• Sometimes an item is depleted and doesn't make it onto my shopping list.  We don't always know something is gone until it is needed again.


So as I continue to encourage putting things back where they belong, everything has a home, and if you put things back where you found them we could find it easier the next time, I am reduced to hiding some key treasures that are notoriously lost, misplaced, or all used up without my knowledge. See if any of these look familiar.






Ten Things I Have to Hide from My Children

  1. Tape of any type (Masking, Scotch, Clear Mailing, Duct)
  2. Paper (Computer, Notebook, Construction, etc...)
  3. Scissors (these disappear into another dimension)
  4. Crayons/Markers/Colored Pencils
  5. Glue (Liquid, Sticks)
  6. Envelopes
  7. Ziplock Baggies
  8. Pens/Pencils
  9. Folders
  10. Poster Board

These items are prime real estate for all projects whether personal or school related.  Chances are, if I don't have a secret stash somewhere (like that well-hidden emergency chocolate stash) there will be chaos and general mayhem when the need for one of these items arises.  (Usually at the least convenient of times.)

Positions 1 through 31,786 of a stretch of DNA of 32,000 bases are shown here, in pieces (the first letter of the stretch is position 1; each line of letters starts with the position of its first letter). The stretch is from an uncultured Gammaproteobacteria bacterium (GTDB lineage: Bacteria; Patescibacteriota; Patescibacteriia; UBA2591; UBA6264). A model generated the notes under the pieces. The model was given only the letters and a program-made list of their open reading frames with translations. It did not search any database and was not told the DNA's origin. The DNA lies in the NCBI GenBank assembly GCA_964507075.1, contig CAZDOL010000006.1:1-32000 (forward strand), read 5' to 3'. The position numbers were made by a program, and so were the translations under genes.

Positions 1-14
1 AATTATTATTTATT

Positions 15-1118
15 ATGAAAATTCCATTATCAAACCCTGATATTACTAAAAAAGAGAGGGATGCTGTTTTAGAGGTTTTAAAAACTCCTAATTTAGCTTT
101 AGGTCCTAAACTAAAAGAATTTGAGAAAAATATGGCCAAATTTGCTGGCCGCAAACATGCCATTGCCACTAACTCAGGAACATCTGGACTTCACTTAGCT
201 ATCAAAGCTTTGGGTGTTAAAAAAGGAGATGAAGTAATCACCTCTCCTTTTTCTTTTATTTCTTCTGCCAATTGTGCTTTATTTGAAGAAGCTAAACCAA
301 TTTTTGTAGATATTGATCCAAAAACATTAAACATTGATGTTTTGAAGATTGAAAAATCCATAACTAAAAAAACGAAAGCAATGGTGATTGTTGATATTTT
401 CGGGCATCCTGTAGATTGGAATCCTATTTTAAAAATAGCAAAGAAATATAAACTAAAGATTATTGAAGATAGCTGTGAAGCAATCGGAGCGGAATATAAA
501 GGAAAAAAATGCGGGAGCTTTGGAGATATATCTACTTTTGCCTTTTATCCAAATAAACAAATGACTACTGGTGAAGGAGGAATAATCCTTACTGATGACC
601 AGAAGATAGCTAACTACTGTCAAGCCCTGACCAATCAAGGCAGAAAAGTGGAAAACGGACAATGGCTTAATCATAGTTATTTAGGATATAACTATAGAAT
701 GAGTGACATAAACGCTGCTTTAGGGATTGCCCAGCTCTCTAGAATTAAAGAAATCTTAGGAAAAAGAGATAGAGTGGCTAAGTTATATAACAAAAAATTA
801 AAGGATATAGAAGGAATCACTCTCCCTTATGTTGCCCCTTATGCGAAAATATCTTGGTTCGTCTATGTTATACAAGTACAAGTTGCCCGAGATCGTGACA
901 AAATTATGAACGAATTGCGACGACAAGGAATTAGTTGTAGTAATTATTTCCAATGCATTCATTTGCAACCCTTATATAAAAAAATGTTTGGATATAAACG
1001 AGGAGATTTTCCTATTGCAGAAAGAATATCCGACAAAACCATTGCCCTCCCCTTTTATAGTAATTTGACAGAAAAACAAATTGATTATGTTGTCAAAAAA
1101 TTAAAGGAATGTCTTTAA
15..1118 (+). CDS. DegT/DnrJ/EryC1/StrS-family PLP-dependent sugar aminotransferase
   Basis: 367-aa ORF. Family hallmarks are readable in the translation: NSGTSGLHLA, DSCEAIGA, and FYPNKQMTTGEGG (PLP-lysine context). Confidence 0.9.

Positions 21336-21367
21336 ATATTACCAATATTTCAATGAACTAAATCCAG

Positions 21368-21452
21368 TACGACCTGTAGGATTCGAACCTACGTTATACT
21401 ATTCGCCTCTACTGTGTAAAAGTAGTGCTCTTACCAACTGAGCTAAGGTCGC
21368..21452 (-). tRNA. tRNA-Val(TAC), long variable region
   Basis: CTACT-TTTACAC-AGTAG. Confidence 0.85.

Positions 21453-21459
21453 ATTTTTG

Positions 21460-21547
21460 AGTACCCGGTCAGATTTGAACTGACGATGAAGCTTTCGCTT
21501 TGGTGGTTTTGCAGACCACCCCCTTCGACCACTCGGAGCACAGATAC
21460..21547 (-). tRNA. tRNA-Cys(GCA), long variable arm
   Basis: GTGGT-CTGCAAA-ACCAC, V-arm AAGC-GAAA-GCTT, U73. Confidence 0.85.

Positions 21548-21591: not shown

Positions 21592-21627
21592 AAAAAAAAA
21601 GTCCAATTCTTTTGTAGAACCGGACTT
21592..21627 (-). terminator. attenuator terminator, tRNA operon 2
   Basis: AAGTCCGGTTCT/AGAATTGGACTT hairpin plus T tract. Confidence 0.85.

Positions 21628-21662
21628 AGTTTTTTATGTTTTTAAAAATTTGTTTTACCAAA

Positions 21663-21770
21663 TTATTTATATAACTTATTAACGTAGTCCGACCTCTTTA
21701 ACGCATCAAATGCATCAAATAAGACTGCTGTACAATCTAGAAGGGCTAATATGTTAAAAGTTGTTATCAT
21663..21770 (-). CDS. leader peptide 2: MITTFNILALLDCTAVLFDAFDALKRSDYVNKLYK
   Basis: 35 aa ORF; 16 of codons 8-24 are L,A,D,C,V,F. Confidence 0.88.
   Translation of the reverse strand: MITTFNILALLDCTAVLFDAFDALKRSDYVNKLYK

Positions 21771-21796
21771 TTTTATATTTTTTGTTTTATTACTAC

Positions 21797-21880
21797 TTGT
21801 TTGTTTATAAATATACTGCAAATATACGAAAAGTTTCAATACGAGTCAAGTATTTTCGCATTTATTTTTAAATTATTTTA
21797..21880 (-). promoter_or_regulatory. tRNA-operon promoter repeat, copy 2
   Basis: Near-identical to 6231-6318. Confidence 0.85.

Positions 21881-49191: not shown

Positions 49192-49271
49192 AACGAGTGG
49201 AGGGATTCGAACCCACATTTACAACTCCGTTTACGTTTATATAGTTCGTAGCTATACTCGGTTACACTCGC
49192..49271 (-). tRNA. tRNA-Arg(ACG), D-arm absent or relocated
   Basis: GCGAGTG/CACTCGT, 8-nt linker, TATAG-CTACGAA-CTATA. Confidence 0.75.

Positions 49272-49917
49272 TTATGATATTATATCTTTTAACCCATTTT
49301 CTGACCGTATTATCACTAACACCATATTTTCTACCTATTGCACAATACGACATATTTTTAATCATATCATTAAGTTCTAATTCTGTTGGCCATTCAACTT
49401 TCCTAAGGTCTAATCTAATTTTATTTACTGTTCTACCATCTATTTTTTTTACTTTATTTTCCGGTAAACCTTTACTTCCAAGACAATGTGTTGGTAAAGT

Hoping that your own emergency stash of creative supplies (and chocolate) are ready to go .  And if you also dream of having a well-organized supply station like the fantasy pictured above, you are not alone.  Wish I could offer you more comfort than that.  If you do have your dream station, I'd love to see what you've done. Comment and send pics!  


Happy Monday!





Friday, October 6, 2017

Vision for World of Writer Mom and Writer Mom Advocate


I can't emphasize enough how important it is to find a place where you can...

*Be yourself

*Find support and encouragement

*Avoid judgements that make you feel less than

*Collaborate with others who share your views 

*Respectfully disagree while share differing opinions

*Find the inspiration you need to get through the turmoil

*Share insights and advice with others who genuinely care